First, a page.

Citation Nr: 1754187
Decision Date: 11/28/17 Archive Date: 12/07/17

DOCKET NO. 14-04 247 ) DATE
)
)

On appeal from the
Department of Veterans Affairs Regional Office in Huntington, West Virginia

THE ISSUE

Entitlement to service connection for a low back disorder, to include as secondary to a bilateral foot disorder.

REPRESENTATION

Appellant represented by: Heather E. Vanhoose, Attorney

WITNESS AT HEARING ON APPEAL

The Veteran

ATTORNEY FOR THE BOARD

Stephen LoGerfo

INTRODUCTION

The Veteran, who is the appellant in this case, had active service from January 1988 to May 1991.

These matters come before the Board of Veterans’ Appeals (Board) on appeal from decisions issued by the Department of Veterans Affairs (VA) Regional Office (RO) in Huntington, West Virginia.

The Veteran testified before the undersigned Veterans Law Judge at a hearing held in February 2015. A transcript of the hearing has been associated with the claims file.

The Board remanded this claim for further development in October 2015.

A Supplemental Statement of the Case (SSOC) was issued in September 2016 further denying the claim.

FINDING OF FACT

The weight of the evidence is against finding that the Veteran’s current low back disability was incurred in or caused by service and that the Veteran’s current low back disability was caused or aggravated by his service-connected bilateral foot arthritis.

CONCLUSION OF LAW

The criteria for service connection for arthritis of the lumbar spine have not been met. 38 U.S.C.A. §§ 1101, 1110, 1131, 1137 (West 2015); 38 C.F.R. §§ 3.159, 3.303, 3.310 (2017).

REASONS AND BASES FOR FINDINGS AND CONCLUSION

I. Service Connection

Generally, service connection may be granted for disability resulting from disease or injury incurred in or aggravated by service. 38 U.S.C.A. §§ 1110, 1131. Establishing service connection generally requires competent evidence of three things: (1) a current disability; (2) in-service incurrence or aggravation of a disease or injury; and (3) a causal relationship, i.e., a nexus, between the claimed in-service disease or injury and the current disability. Holton v. Shinseki, 557 F.3d 1362, 1366 (Fed. Cir. 2009); 38 C.F.R. § 3.303(a) (2017).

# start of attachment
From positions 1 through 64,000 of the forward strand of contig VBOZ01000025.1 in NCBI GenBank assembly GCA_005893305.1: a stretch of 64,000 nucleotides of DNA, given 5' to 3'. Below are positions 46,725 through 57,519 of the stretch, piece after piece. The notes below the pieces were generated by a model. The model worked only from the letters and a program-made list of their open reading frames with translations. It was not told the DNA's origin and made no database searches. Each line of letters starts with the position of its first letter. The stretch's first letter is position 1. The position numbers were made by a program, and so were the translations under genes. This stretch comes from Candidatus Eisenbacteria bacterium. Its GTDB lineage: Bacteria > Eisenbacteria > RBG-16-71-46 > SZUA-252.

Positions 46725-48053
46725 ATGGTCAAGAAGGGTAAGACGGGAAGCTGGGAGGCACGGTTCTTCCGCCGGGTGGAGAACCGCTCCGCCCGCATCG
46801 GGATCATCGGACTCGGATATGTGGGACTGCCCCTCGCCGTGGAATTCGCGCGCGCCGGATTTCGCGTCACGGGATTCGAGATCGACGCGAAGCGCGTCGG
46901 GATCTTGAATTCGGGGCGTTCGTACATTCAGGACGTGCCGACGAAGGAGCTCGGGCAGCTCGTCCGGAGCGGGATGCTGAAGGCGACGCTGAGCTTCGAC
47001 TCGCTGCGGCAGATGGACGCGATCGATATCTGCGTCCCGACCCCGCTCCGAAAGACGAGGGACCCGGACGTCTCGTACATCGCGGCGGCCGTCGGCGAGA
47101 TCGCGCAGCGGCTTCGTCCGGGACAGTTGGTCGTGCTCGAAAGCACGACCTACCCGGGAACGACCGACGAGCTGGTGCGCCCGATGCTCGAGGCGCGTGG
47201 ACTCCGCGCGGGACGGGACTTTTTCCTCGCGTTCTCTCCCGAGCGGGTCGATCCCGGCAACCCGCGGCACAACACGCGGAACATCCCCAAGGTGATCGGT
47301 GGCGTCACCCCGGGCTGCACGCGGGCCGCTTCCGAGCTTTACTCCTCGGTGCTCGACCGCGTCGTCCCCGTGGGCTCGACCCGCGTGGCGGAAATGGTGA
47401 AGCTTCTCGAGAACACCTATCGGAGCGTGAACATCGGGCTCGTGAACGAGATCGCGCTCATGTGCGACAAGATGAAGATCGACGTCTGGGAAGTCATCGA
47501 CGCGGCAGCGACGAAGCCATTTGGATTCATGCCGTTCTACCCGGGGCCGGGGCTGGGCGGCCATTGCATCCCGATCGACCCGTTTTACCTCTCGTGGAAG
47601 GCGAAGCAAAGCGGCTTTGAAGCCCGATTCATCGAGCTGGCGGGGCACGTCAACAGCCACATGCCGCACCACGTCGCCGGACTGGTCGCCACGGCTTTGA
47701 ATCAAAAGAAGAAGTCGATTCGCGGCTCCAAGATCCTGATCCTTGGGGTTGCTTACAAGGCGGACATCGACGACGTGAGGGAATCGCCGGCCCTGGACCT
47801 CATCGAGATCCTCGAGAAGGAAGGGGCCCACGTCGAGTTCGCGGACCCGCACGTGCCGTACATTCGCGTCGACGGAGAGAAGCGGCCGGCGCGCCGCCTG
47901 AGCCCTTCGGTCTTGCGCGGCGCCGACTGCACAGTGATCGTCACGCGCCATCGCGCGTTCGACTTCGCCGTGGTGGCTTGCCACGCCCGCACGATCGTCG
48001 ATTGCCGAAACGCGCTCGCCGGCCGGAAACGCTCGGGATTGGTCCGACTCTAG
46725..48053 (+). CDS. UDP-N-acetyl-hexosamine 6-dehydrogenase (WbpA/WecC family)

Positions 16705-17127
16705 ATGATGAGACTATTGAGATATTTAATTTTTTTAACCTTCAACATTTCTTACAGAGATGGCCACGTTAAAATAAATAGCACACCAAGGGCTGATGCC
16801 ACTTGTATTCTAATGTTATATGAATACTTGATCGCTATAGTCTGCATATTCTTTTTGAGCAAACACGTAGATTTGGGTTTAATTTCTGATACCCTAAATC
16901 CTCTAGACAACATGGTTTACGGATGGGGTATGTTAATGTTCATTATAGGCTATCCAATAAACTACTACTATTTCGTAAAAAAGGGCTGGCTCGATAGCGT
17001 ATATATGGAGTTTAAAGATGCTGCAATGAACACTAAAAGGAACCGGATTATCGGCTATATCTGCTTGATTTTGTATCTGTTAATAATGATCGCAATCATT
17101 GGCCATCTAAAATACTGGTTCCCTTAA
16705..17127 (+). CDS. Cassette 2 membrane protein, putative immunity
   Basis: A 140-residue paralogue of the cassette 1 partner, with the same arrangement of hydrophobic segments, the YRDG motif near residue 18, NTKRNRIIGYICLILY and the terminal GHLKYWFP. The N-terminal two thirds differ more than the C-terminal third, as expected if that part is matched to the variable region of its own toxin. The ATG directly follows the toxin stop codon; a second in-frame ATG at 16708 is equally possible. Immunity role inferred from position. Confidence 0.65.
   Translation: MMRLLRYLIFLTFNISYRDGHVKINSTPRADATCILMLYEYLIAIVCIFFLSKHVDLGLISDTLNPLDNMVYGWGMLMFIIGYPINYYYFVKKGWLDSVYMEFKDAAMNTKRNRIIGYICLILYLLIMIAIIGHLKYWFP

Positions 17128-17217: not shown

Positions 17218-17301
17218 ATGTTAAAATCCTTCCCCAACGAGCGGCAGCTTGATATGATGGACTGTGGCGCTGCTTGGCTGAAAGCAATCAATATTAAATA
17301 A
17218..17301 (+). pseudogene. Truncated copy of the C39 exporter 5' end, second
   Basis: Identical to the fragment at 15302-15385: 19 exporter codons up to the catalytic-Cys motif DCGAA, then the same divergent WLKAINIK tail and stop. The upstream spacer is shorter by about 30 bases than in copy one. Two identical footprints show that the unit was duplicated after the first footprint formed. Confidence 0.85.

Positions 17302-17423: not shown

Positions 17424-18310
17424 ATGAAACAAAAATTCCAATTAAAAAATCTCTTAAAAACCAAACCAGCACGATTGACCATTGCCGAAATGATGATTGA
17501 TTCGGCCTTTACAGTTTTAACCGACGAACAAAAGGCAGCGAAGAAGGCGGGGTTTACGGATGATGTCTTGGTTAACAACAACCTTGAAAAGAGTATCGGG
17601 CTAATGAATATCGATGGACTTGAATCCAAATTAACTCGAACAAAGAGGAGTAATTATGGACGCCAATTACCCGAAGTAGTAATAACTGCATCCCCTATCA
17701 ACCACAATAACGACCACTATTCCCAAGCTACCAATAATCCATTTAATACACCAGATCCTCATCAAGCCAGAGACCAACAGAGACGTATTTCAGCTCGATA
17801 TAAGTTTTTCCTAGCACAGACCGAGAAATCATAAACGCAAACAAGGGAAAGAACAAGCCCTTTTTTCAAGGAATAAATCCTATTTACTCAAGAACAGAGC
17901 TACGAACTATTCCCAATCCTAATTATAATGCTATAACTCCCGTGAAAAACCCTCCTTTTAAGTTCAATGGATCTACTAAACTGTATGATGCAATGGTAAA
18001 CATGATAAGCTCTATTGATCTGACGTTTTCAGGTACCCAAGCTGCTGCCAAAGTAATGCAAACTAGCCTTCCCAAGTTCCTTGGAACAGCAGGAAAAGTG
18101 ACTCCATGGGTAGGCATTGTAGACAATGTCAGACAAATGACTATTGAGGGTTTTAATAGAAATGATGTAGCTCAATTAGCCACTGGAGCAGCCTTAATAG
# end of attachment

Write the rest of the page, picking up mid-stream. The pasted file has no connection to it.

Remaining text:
Service connection is warranted for a disability which is proximately due to, aggravated by, or the result of a service-connected disease or injury. 38 C.F.R. § 3.310 (2017).

With regard to his claimed low back disorder, the Veteran has contended that the disorder is secondary to or was aggravated by his bilateral foot arthritis. Specifically, he has suggested that an altered gait, over time, either caused or aggravated his current low back disorder. A new VA examination opinion was ordered in October 2015 on the matter of service connection of a spine disorder as secondary to the foot arthritis.

The Veteran reported in July 2016 to his VA examiner that that his back “always hurt” while in the service. He reported that he was seen one time in service for his back after lifting heavy crates. He got out of service in 1991. He did not recall the first time that he was seen for his back but thinks that he may have been seen at Raleigh General approximately 15 years ago. He was not seen regularly until he began going to the Beckley VAMC. The Veteran reported constant pain in his back that worsens with any activity. He has had a nerve block and two ablations. He has also had fluid removed from the lumbar spine. The Veteran is currently on tramadol, meloxicam and gabapentin.

The Veteran had a VA examination in July 2016 for his back condition. The VA examiner noted that the Veteran began coming to the VA system for treatment in 2001 but did not begin complaining of back pain until 2011. This would be almost 20 years since his discharge from the military. Additionally, there was no evidence in the service treatment records of a chronic back condition. The Veteran also worked several physical labor jobs post-military and therefore his back condition is more likely due to that employment.